The 2009 season of Graeme Murphy’s Nutcracker: the story of Clara has all but convinced me that this work is the closest thing we have in Australia to a dance masterpiece. It is, like all great works of art, a very giving work. It continues to reveal new layers of meaning with each viewing, and it continues to reveal those layers at every level—dramaturgically and choreographically as well as in terms of its visual impact and historical underpinnings. Now we are also in the fortunate position of having had this ballet staged by the Australian Ballet in four separate seasons over seventeen years. Its inaugural season in 1992 was followed by restagings in 1994 and 2000. So, in 2009 there is an opportunity to reflect on how this ballet has grown and been interpreted over those seasons.

Two newcomers to the ballet stood out in this 2009 season.

At the centre of the work is the character of Clara the Elder, a now-retired elderly woman who is still in her heart a dancer. It is her story we watch unfolding before us, her destiny and ultimately her death. In the 2009 season Marilyn Jones and Ai-Gul Gaisina, both now in their late sixties, were cast to alternate in this important role. For those of us who had watched the two original Elder Claras—Dame Margaret Scott and Valrene Tweedie—it was hard to imagine that anyone could bring such depth of characterisation to the role as these two did. But Gaisina, Russian-born and Russian-trained, seemed as though she was born to dance the role. She had all the elegance of a ballerina, which indeed she was when at the height of her career. There was also a certain flamboyance in the flick of a wrist or a tilt of the head that gave her dancing a particularly Russian flavour. This, combined with a special way of interacting with her fellow cast members so that eyes met eyes and looking meant seeing, made her performance a moving and utterly believable one. She also imbued the role with an edge of humour. It was quite understated and perhaps it was more a taking of pleasure in the role than anything else. But it was clearly there and very noticeable in Act I as she entertained her Russian émigré friends. It allowed us to sense that we were watching a real life story unfold before us.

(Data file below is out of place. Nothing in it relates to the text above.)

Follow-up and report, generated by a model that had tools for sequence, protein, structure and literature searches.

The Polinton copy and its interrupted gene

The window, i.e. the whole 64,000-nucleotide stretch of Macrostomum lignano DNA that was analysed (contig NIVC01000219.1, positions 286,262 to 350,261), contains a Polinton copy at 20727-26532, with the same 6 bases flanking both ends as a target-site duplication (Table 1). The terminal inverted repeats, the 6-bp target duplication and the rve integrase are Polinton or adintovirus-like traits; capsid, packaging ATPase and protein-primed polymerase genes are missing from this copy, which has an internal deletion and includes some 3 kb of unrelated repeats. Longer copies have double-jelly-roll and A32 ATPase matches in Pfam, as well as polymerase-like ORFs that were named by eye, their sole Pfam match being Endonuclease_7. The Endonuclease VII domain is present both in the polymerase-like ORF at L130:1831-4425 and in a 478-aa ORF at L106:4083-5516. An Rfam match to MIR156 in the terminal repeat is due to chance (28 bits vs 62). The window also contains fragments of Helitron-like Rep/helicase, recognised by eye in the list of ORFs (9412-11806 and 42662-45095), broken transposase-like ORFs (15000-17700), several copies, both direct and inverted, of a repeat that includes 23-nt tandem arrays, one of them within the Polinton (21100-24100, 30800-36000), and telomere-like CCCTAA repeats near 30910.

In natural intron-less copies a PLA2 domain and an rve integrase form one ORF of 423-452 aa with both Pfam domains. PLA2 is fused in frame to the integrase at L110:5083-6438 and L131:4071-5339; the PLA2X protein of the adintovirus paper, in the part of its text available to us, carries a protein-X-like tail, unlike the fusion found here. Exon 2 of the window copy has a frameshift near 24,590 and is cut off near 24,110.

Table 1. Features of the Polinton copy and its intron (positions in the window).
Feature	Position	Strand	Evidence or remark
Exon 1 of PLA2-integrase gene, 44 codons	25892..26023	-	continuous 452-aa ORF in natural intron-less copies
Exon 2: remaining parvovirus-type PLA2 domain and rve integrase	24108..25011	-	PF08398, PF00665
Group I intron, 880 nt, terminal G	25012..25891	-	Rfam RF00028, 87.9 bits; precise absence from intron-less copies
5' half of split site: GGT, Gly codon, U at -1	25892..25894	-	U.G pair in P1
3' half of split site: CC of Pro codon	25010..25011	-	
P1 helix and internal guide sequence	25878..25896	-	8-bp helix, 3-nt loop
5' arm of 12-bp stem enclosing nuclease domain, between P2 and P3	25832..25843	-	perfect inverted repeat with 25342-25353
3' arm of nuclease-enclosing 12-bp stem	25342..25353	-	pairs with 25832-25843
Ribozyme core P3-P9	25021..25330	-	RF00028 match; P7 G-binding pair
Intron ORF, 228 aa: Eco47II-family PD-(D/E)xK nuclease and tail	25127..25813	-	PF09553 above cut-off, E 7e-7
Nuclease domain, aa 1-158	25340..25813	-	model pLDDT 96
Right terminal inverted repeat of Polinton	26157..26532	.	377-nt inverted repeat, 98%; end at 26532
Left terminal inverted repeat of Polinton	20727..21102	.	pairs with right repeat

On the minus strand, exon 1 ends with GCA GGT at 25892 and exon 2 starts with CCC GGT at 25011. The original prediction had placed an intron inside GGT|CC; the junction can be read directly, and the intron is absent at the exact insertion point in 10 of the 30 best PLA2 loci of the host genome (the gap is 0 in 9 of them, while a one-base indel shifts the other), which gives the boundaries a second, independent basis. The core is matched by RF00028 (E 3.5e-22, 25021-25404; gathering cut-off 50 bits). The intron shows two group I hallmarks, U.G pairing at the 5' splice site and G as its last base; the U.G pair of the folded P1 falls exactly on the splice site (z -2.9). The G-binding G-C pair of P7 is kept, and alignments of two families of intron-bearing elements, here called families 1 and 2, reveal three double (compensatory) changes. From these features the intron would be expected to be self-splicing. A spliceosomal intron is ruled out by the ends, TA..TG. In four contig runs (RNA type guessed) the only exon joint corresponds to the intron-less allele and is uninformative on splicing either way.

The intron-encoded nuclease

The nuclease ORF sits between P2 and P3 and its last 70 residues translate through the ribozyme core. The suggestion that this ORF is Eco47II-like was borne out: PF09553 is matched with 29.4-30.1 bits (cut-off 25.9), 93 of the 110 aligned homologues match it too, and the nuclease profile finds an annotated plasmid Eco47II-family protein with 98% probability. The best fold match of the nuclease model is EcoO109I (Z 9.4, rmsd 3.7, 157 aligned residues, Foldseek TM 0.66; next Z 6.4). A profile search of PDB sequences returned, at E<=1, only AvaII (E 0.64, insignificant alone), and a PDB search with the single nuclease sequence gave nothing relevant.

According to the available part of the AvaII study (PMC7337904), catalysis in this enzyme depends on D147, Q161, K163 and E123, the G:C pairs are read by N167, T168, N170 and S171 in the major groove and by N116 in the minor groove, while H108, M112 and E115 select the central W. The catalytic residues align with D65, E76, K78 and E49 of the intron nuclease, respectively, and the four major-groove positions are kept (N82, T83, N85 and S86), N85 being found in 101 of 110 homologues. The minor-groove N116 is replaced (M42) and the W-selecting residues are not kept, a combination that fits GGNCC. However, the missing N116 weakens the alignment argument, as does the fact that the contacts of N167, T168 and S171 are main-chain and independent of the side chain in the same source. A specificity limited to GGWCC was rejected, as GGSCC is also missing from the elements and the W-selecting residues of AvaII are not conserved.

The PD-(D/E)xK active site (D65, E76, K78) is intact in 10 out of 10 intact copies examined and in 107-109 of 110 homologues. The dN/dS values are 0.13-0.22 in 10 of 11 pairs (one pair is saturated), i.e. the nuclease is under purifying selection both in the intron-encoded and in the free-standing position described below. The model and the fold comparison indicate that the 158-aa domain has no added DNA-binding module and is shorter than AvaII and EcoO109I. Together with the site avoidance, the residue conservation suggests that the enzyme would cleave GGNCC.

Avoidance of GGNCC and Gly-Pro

Ai-Gul Gaisina, 'Nutcracker' Act 1. Photo: Branco Gaica, 2009
Ai-Gul Gaisina, Nutcracker Act 1. Photo:  Branco Gaica, 2009

The other outstanding performance in the casts I saw came from Leanne Stojmenov as Clara the Ballerina. Stojmenov is now fulfilling the promise that marked her performances with West Australian Ballet as a new and very young member of the company in 1999 and 2000. She has such a strong and sure technique and handled the intricacies of Murphy’s choreography with aplomb and apparent ease. Her grand pas de deux with Marc Cassidy was thrilling and in the pas de deux between Clara and her Beloved Officer, although partnered very shakily by Yosvani Ramos, Stojmenov showed her growing ability to create dramatic tension through the use of the whole body. It augurs well for her future.

It is incredibly satisfying to have Murphy’s Nutcracker return to the stage. It is one of the great treasures of the Australian Ballet’s repertoire and a work that allows us the rare pleasure of being able to look back at an Australian work and compare and contrast.

Michelle Potter, 9 June 2009  

Image of Ai-Gul Gaisina courtesy of the Australian Ballet